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Sherritt Chairman Ian Delaney addresses shareholders in this file photo. (J.P. MOCZULSKI/REUTERS)
Sherritt Chairman Ian Delaney addresses shareholders in this file photo. (J.P. MOCZULSKI/REUTERS)

Sherritt earnings drop on lower nickel prices, higher costs Add to ...

Sherritt International Corp. reported a sharp drop in its first quarter earnings compared with a year ago, hit by lower nickel prices and higher costs.

The Toronto-based miner, which has operations in Cuba, said Wednesday it earned $32.3-million or 11 cents per share in its latest quarter compared with a profit of $63.6-million or 22 cents per share a year ago.

Revenue for the three months ended March 31 totalled $462.2-million, down from $474.5-million.

“Continued pressure on input commodity costs, combined with lower realized nickel and cobalt prices, adversely affected the margin in metals, which was partially offset by stronger results from oil and gas,” Sherritt president and chief executive David Pathe said in a statement.

The company's average realized nickel price in the quarter amounted to $8.66 per pound, down from $11.73 a year ago, while Sherritt received $14.10 per pound of cobalt, down from $17.55.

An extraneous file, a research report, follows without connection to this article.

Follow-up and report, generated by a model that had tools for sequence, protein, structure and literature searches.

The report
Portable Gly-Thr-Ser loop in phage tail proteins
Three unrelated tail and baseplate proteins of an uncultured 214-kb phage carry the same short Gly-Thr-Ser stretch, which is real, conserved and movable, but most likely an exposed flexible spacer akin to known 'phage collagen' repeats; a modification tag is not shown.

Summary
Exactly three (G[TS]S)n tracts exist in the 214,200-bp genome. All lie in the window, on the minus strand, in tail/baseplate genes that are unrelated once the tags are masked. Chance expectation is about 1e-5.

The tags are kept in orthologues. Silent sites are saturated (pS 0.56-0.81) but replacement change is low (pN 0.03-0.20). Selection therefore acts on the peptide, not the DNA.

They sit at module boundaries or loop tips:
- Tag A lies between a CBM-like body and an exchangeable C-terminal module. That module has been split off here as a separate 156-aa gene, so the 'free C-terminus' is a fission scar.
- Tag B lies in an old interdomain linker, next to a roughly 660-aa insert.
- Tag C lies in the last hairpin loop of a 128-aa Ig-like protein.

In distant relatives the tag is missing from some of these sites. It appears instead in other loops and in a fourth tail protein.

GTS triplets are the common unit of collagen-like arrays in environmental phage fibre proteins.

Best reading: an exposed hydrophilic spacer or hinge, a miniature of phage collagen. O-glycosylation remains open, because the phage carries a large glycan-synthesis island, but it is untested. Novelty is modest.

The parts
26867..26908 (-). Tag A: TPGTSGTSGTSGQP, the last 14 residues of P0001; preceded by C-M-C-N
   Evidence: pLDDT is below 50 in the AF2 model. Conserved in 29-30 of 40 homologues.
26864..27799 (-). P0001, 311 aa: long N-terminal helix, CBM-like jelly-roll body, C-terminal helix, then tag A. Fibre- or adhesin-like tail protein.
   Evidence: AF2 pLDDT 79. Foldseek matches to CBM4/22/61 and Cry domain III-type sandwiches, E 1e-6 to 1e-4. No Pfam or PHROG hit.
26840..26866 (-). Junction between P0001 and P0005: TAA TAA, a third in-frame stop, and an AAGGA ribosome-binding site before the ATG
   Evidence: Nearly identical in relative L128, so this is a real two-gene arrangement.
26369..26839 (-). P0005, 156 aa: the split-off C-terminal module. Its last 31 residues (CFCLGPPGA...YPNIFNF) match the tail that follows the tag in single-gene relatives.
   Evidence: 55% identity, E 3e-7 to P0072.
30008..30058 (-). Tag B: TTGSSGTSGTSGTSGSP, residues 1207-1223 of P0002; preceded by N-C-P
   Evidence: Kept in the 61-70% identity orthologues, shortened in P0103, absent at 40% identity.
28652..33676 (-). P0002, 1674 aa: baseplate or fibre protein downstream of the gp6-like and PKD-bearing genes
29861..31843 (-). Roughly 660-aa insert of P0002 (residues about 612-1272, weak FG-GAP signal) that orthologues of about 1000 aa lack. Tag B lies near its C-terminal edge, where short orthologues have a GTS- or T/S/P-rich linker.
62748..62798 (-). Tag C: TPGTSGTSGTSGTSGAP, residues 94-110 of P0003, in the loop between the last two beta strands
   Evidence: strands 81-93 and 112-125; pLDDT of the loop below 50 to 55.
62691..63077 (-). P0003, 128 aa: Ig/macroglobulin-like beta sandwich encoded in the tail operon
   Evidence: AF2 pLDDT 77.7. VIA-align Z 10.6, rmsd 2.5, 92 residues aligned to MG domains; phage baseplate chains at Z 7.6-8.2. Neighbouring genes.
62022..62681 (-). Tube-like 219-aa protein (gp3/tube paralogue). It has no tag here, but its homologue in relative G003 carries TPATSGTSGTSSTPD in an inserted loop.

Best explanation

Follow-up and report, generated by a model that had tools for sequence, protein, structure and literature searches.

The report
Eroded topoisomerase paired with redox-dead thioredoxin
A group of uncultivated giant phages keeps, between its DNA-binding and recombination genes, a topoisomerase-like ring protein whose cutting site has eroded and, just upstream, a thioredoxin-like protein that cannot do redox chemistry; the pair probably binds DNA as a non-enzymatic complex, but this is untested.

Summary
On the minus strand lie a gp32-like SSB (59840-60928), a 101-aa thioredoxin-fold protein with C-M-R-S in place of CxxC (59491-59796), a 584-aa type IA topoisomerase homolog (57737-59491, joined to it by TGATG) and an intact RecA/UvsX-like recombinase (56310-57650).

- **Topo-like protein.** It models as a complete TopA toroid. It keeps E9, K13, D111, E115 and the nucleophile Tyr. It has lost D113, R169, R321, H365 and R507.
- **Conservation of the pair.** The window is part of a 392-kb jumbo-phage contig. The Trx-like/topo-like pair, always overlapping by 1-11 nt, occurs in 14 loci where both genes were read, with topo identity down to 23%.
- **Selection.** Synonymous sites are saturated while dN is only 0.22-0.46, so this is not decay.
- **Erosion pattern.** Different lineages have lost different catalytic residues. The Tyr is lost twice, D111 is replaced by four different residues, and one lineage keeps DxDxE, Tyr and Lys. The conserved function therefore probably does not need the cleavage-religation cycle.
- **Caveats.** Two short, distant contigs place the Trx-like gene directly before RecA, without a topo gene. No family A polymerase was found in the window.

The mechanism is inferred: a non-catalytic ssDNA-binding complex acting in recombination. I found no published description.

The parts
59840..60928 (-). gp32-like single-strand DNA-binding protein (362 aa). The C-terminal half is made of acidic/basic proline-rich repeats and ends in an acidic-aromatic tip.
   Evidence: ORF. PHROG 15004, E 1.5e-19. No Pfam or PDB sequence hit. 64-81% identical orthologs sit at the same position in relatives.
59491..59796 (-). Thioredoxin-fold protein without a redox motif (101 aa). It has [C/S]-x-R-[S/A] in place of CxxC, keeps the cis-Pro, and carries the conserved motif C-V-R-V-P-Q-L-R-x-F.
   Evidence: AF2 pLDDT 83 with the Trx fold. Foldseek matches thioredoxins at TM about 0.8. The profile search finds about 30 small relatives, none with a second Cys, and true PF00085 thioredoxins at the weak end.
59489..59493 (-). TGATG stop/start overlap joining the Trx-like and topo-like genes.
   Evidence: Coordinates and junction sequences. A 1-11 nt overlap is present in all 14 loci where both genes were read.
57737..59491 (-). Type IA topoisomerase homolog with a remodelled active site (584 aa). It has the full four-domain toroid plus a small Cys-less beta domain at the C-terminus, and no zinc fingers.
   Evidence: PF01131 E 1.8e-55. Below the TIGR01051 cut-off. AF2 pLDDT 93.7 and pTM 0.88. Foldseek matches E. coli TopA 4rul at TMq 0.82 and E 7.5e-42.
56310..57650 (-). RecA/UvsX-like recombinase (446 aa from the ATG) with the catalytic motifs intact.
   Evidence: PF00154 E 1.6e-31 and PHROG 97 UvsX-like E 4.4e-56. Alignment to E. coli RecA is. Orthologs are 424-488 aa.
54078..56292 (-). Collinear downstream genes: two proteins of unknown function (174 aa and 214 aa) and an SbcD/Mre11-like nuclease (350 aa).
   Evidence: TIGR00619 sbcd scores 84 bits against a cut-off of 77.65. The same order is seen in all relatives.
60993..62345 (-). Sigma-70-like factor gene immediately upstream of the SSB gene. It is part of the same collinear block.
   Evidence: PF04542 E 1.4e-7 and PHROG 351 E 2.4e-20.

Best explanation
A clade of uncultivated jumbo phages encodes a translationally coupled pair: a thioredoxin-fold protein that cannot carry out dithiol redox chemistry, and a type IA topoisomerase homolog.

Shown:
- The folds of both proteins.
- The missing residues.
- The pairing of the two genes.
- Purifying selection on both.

Overall nickel revenue fell to $82.8-million in the first three months of the year compared with $110.7-million a year ago, while cobalt revenue dropped to $14.4-million, from $17.8-million.

Meanwhile, oil and gas revenue improved to $82.2-million, up from $70.5-million. Coal revenue came in at $245.3-million, compared with $245.9-million.

Sherritt produces nickel from projects and operations in Canada, Cuba, Indonesia and Madagascar, an island off the east coast of Africa.

The company is also the largest producer of thermal coal in Canada and the largest independent energy producer in Cuba, with extensive oil and power operations across the island.

Mr. Pathe, who was Sherritt's chief financial officer, took over as chief executive of the company on Jan. 1. He replaced long-time chief executive Ian Delaney, who remains chairman of the Toronto-based mine.

Last year, Sherritt extended its work schedule and increased estimated costs for its Ambatovy project in Madagascar. It cited a litany of problems including poor performance by contractors and inaccurate estimates on the project in the island country off the east coast of Africa.

The company has said the capital cost of the project will come in at $5.5-billion (U.S.), about 16 per cent more than it had previously predicted.

Sherritt, which has more than 6,800 employees and a stock market value of more than $1.5 billion, also licenses its nickel mining technology to other metals companies.

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